The Sea is on the Other Side: Genova for the Clueless

The first reason for our presence in Genova on a pleasant spring day was as straightforward as it was silly: it is close to Turin. Actually, most major towns in Northern Italy are close to at least a couple of other potentially interesting locations, often at distances of around 150 kilometres, which in Trenitalia language translates to about 13 euros on a so called regionale veloce- regional fast train. Options on the more poetically named Frecciarossa (Red Arrow) fast trains exist but are considerably costlier and you’d find it harder to revel in the rolling hills and lush fields of Piedmont and Liguria, in our present case. One lesson learned from peeking out the window of a regionale veloce is that many of these lush fields are rice fields- this reminded me of the holy rage which enveloped an Italian friend when he was served what he considered to be, rightfully, a sub-par risotto. You can be sloppy about many a thing in life, but you must always be dead serious about risotto, and that obviously requires local rice, and local rice there will be.

The second reason was its position by the sea, though this bit we bungled quite spectacularly, inasmuch as the sea in Genova proper is one giant port (largest in Italy in size, and second only to Trieste by amount of traded goods), with cargo and passenger ships obscuring the horizon and dwarfing one of the city’s symbols, the lighthouse. It does however harbour (see what I did here) the Aquarium, second largest in Europe by size and first in number of species, but the queue looked absolutely prohibitive for someone on a day trip, or short of patience, which we both were. Should you however be better at planning your trips than we are, which is frankly not that hard, tickets cost 26 euros for adults and can be purchased ahead online. If fish in tanks are not your thing, fish (and mammals) in the wild might be, in which case you can board one of the several boats which provide whale and dolphin sighting trips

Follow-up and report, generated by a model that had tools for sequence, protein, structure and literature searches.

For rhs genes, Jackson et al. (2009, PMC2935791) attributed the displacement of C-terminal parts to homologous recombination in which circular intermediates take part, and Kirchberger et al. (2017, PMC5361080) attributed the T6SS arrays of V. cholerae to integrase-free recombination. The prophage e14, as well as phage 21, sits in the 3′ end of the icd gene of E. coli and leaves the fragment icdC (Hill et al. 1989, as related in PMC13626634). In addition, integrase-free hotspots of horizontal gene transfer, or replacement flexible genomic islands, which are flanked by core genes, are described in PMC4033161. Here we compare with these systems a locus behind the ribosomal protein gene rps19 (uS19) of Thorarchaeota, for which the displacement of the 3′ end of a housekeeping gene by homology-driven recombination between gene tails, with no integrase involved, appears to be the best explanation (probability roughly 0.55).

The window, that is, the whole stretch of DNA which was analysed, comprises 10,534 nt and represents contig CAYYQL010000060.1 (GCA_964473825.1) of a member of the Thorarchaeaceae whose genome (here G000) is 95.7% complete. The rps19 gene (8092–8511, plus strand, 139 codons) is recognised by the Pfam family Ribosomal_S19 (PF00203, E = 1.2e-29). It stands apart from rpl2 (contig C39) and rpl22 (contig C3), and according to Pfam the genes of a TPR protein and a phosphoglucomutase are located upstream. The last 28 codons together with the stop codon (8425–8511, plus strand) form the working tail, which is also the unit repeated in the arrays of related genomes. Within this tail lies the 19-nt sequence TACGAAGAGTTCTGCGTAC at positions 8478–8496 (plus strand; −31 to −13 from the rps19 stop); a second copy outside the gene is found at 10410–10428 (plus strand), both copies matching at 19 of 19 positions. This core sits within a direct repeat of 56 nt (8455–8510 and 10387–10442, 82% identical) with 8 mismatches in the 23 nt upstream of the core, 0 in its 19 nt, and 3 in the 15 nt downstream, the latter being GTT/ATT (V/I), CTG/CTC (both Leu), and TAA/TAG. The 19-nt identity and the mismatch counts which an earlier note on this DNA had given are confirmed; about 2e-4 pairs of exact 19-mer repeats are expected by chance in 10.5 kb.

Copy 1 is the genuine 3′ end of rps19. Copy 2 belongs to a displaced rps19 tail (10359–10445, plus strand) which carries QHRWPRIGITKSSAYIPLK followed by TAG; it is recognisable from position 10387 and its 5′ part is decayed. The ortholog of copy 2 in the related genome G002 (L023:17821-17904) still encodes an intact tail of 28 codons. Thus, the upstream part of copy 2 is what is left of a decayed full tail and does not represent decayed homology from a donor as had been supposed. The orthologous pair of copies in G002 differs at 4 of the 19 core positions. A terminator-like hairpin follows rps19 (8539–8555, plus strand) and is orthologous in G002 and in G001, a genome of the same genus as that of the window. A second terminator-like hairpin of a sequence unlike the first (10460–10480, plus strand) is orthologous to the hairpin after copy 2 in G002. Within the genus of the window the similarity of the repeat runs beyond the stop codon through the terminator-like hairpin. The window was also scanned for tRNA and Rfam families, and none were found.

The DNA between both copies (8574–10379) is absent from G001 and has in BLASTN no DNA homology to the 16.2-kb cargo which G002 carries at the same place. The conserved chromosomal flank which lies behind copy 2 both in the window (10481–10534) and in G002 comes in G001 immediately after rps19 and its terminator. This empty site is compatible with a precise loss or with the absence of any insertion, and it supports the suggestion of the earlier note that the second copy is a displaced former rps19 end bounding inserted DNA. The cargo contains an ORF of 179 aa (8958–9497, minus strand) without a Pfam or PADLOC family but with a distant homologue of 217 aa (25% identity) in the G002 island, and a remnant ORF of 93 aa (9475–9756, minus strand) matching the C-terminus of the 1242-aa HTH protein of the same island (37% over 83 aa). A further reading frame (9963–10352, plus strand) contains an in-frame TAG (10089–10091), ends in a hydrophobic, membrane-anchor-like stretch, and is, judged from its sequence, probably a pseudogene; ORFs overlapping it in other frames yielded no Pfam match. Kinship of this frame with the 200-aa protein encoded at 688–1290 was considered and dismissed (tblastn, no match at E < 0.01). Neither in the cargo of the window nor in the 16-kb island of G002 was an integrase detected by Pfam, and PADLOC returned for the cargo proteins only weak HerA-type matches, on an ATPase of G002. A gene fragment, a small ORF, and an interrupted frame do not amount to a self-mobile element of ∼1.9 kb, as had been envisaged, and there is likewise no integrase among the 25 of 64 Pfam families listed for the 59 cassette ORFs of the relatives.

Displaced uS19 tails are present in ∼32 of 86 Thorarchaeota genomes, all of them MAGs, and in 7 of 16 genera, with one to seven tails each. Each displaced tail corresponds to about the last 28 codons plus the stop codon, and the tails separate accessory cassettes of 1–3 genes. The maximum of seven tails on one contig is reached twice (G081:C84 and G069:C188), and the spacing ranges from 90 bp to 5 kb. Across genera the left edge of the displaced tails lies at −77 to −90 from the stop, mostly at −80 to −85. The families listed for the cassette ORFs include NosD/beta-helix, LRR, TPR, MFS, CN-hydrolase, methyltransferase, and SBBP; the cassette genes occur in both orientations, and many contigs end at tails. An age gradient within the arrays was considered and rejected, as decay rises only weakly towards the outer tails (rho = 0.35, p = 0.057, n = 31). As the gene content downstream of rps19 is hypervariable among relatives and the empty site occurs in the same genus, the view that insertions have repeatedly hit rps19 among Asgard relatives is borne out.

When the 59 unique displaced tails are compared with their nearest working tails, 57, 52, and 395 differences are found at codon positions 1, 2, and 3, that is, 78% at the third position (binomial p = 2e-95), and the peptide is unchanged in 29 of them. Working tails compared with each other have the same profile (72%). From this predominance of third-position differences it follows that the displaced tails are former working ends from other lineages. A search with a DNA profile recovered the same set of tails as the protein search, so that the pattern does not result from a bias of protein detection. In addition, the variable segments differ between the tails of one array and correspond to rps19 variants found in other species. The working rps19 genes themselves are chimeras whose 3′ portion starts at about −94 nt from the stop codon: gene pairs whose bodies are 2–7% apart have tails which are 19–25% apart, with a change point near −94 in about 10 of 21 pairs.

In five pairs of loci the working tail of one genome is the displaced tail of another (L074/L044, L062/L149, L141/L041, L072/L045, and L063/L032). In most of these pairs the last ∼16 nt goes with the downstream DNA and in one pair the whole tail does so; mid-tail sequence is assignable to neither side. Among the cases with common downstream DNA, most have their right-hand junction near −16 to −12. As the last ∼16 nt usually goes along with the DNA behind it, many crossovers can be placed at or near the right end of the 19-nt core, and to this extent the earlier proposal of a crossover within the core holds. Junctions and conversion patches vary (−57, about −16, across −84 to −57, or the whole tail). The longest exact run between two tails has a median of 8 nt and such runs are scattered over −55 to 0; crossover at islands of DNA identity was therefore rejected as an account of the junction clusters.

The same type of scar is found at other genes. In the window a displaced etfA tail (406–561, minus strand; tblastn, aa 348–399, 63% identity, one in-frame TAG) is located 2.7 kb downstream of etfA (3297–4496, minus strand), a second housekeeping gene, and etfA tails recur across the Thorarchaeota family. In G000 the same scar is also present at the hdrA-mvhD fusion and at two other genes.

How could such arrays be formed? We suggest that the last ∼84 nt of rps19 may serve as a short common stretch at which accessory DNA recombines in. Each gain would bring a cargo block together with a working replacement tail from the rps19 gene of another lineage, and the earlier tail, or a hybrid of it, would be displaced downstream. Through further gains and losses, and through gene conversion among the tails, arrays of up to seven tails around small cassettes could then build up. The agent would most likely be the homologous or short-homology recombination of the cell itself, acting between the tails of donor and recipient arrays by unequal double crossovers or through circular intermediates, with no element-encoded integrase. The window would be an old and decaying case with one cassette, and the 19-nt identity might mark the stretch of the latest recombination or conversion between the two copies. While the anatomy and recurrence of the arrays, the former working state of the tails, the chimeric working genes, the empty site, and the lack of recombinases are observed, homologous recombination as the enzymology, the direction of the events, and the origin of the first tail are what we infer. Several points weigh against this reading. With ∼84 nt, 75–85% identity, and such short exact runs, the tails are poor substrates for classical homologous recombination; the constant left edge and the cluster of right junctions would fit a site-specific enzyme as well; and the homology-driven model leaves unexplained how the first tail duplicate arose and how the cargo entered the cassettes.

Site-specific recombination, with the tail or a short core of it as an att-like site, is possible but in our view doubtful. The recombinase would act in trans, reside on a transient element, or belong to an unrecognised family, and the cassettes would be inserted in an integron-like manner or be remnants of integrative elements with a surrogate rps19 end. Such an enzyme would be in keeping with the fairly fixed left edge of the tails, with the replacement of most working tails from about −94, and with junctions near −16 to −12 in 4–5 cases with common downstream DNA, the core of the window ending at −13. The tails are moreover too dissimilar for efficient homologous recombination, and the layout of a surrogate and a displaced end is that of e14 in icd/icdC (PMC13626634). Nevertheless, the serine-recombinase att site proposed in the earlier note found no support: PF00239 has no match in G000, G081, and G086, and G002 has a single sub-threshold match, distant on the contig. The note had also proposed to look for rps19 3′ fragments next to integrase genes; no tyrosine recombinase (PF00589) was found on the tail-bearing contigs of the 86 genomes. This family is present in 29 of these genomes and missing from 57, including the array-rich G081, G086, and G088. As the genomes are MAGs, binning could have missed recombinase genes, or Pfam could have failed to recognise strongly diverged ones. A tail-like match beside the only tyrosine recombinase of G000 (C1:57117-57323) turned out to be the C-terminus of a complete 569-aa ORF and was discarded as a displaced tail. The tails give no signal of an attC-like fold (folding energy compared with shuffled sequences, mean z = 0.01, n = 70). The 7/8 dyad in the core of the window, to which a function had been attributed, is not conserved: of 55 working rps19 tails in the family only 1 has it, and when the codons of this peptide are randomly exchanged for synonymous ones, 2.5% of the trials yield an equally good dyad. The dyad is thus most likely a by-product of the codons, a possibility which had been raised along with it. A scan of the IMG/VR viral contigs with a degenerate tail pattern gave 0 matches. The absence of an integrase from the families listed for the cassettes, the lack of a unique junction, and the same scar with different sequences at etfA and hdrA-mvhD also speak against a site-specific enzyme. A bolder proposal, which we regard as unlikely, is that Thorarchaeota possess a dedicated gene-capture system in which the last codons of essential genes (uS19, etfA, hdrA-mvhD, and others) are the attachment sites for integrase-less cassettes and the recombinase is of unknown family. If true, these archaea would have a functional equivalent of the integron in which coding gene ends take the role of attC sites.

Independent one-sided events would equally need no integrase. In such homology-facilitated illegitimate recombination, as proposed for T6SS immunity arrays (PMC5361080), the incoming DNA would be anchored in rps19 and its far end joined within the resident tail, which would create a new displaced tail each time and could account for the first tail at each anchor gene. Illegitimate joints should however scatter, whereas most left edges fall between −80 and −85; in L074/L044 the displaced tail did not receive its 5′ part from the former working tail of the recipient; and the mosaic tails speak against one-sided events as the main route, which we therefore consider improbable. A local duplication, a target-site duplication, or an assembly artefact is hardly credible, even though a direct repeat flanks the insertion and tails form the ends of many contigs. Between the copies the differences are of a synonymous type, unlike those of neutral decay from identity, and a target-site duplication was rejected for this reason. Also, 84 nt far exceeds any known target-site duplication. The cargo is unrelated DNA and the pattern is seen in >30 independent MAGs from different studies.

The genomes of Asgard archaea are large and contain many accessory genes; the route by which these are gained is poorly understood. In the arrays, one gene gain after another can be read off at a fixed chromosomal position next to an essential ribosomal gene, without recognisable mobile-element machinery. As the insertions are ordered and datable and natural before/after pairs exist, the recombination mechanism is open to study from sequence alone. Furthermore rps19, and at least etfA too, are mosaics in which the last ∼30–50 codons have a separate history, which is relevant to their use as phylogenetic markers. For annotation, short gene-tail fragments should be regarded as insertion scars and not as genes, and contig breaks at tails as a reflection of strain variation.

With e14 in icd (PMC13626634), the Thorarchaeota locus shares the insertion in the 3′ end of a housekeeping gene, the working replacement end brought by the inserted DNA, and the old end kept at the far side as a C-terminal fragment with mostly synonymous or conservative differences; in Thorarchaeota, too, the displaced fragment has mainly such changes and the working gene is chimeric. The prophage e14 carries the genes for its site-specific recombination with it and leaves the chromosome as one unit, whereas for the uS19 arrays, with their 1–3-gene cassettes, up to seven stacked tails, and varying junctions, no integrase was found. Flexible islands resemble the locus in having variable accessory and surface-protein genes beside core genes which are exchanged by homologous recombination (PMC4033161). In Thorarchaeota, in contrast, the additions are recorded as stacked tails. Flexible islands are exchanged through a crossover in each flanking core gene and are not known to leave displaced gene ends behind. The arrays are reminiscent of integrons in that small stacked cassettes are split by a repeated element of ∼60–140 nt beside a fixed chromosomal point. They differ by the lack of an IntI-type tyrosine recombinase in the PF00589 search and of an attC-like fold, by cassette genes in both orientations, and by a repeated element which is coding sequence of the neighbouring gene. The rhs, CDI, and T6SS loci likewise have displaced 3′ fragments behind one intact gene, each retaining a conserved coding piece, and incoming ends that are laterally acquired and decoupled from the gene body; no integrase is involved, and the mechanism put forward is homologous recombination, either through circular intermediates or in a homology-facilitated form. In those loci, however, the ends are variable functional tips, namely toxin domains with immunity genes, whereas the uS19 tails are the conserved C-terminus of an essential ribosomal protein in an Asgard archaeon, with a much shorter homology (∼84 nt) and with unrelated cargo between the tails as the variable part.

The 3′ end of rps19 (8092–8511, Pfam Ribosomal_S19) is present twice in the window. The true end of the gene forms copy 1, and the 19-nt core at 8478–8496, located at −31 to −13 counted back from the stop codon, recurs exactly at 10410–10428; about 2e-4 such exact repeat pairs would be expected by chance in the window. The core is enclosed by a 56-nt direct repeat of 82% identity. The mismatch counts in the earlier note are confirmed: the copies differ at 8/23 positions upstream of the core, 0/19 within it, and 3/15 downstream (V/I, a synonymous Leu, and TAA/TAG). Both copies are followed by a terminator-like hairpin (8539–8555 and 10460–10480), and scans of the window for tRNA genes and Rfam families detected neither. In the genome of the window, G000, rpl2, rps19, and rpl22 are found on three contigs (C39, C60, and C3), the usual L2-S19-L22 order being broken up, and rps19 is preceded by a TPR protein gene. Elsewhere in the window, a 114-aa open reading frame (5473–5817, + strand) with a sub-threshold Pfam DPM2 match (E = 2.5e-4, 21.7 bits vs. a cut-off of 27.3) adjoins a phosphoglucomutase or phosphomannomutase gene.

If, however, you want something beachy looking, like we did, you are in the wrong place. This I should have known had I paid more attention to Commissario Montalbano’s long suffering girlfriend Livia in Andrea Camilleri’s novels. She lives in Boccadasse, just a few kilometres of Genova proper, though about an hour’s distance with public transportation- Genova does have a metro line which touches both main train stations, Piazza Principe and Brignole, but isn’t extended enough to cover more exotic destinations in the city. Thus, fitting both a pleasant beach and the old town into one day might be a bit of a stretch, if you don’t have a car that is, because if you did, well, it would still be a bit of a stretch as you’d spend most of your time looking for a parking spot. As the centre, due to the narrowness of many streets, is mostly a pedestrian only area there are gargantuan looking pile ups at its edges, with cars fitted in tiny spots they can probably leave only through a hole in the ground or teleportation.

Urban legend has it that Genova’s old town is the largest in Italy- yes, they do seem to love numbers and statistics, all brochures and online articles have them plentifully, I guess it’s a leftover from the Genovese Republic. A mighty ruler of seas in its heyday, it was modestly known as La Superba or La Dominante, though on paper she was also La Serenissima Repubblica di Genova- but La Serenissima as a noun in itself was already taken by Venice, so competition for who’s first, biggest, best was obviously fierce. One of the city’s most famous sons is of course Christopher Columbus, though there is no certainty that he was born in the city proper and his discoveries were made under the patronage of the Spanish monarch, so no glory for Genova in the whole business, but you can at least visit the rather subdued Columbus house- which is a later reconstruction of the family home, and the adjacent cloister.

A more spectacular sight is the cathedral of San Lorenzo, which you will unavoidably find if rambling in the old town, but if you don’t trust yourself, you can easily follow the signs pointing to the Duomo. Its building began in the 12th Century and its core structure is Gothic, with some distinctive elements added later, in the 14th and 15th Centuries.  It is open to visitation, though most of the nave is inaccessible, but for five euros one can climb to the roof structure and on the way there you can also inspect the terrace from which the doge would attend mass, separate from the crowds just in case someone felt like killing him, which seems to have been a widespread passion of the Genovese at the time.